If you’re reading this from your standing desk, you can sit down. Turns out, sitting isn’t the new smoking — or, at least, it’s a little more complicated than that.
For years, researchers have been publishing studies that report the amount of time you spend sitting can increase your risk for Type 2 diabetes. But new research, led by the University of Sydney, suggests it might not be how much time you sit but where you’re sitting that’s the bigger problem.
Among the first to study the long-term link between sitting behaviors and the risk of developing diabetes, researchers compared health data collected in 1998 from 4,811 middle-aged office workers who were diabetes-free to blood glucose levels taken in 2011 from the same cohort. They also analyzed the amount of time the participants spent in various context-specific sitting situations: work sitting (including commuting and driving), TV sitting, non-TV leisure time sitting at home and leisure time sitting at home.
During the 13-year period, 402 participants developed incident diabetes. But after adjusting for diet, physical activity, employment, drinking and smoking habits, and general health of the participants, the researchers found there was little evidence linking total sitting time and Type 2 diabetes.
“While these findings don’t exonerate sitting, they do suggest that there is far more at play than we previously realised when it comes to sedentary behaviours and the health risks associated with extended sitting,” said lead author Associate Professor Emmanuel Stamatakis from the Charles Perkins Centre and School of Public Health.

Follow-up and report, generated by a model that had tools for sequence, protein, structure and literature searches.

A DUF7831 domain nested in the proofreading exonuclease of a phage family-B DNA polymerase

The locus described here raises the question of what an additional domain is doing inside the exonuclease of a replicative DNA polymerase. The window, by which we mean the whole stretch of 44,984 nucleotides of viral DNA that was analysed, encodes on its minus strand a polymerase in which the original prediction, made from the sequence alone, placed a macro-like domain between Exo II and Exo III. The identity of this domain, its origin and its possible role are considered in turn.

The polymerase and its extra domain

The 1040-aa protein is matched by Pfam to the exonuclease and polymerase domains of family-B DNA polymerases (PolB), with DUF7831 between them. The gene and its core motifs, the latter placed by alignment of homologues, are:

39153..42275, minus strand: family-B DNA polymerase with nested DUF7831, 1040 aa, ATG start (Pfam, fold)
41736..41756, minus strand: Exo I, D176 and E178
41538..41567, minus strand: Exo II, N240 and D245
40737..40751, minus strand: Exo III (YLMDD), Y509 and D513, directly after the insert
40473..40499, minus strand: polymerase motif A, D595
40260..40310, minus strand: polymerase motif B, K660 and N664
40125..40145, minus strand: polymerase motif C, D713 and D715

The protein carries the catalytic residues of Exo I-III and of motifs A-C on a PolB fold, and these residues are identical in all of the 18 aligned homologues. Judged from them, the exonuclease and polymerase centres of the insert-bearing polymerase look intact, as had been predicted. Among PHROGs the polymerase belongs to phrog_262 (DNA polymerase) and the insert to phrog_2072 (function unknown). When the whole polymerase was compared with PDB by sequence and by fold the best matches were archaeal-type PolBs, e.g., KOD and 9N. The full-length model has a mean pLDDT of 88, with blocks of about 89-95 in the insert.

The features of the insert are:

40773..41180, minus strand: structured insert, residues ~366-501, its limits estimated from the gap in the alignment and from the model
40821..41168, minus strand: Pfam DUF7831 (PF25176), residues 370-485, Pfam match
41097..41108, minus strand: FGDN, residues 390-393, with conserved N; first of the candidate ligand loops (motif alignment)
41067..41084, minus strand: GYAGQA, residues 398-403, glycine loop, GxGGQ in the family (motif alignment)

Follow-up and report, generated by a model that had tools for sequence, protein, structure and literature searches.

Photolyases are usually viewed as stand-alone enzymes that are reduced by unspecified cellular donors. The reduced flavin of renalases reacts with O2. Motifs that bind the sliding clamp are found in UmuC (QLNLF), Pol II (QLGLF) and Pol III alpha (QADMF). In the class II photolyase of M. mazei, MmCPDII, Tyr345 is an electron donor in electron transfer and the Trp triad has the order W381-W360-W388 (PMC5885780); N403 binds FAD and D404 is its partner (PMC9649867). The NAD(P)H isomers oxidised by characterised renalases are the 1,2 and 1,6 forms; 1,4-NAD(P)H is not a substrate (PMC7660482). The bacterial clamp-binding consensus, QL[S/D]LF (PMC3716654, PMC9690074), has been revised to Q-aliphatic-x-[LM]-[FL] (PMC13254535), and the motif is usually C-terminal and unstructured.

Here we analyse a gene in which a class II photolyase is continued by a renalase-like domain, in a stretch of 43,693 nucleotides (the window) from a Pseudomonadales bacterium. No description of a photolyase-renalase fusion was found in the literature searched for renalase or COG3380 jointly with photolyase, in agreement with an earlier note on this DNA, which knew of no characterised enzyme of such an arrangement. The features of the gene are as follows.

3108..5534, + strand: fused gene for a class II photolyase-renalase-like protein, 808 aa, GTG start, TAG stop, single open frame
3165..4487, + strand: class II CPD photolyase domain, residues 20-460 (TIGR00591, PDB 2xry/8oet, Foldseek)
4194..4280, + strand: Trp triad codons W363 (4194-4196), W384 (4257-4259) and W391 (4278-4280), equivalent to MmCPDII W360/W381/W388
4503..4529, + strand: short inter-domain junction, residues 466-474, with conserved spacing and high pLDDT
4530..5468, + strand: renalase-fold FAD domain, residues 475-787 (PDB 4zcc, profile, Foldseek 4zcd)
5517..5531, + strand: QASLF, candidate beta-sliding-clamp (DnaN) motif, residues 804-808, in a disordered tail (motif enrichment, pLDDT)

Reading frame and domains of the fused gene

For example, the findings, published in the latest British Journal of Sports Medicine, indicate a moderate association between TV sitting and incident diabetes.
“But TV time and sitting time are practically uncorrelated, so we have very good reasons to believe that the health risks attributed to TV in the past are due to other factors, such as poorer mental health, snacking and exposure to unhealthy foods advertising,” Stamatakis said.
So stand to work if you like it, but sitting isn’t going to kill you.
Special thanks to our guest Kelsey Allen for writing this article.
British Journal of Sports Medicine. URL Link. Accessed February 14, 2017.
International Journal of Behavioral Nutrition and Physical Activity. URL Link. Accessed February 14, 2017.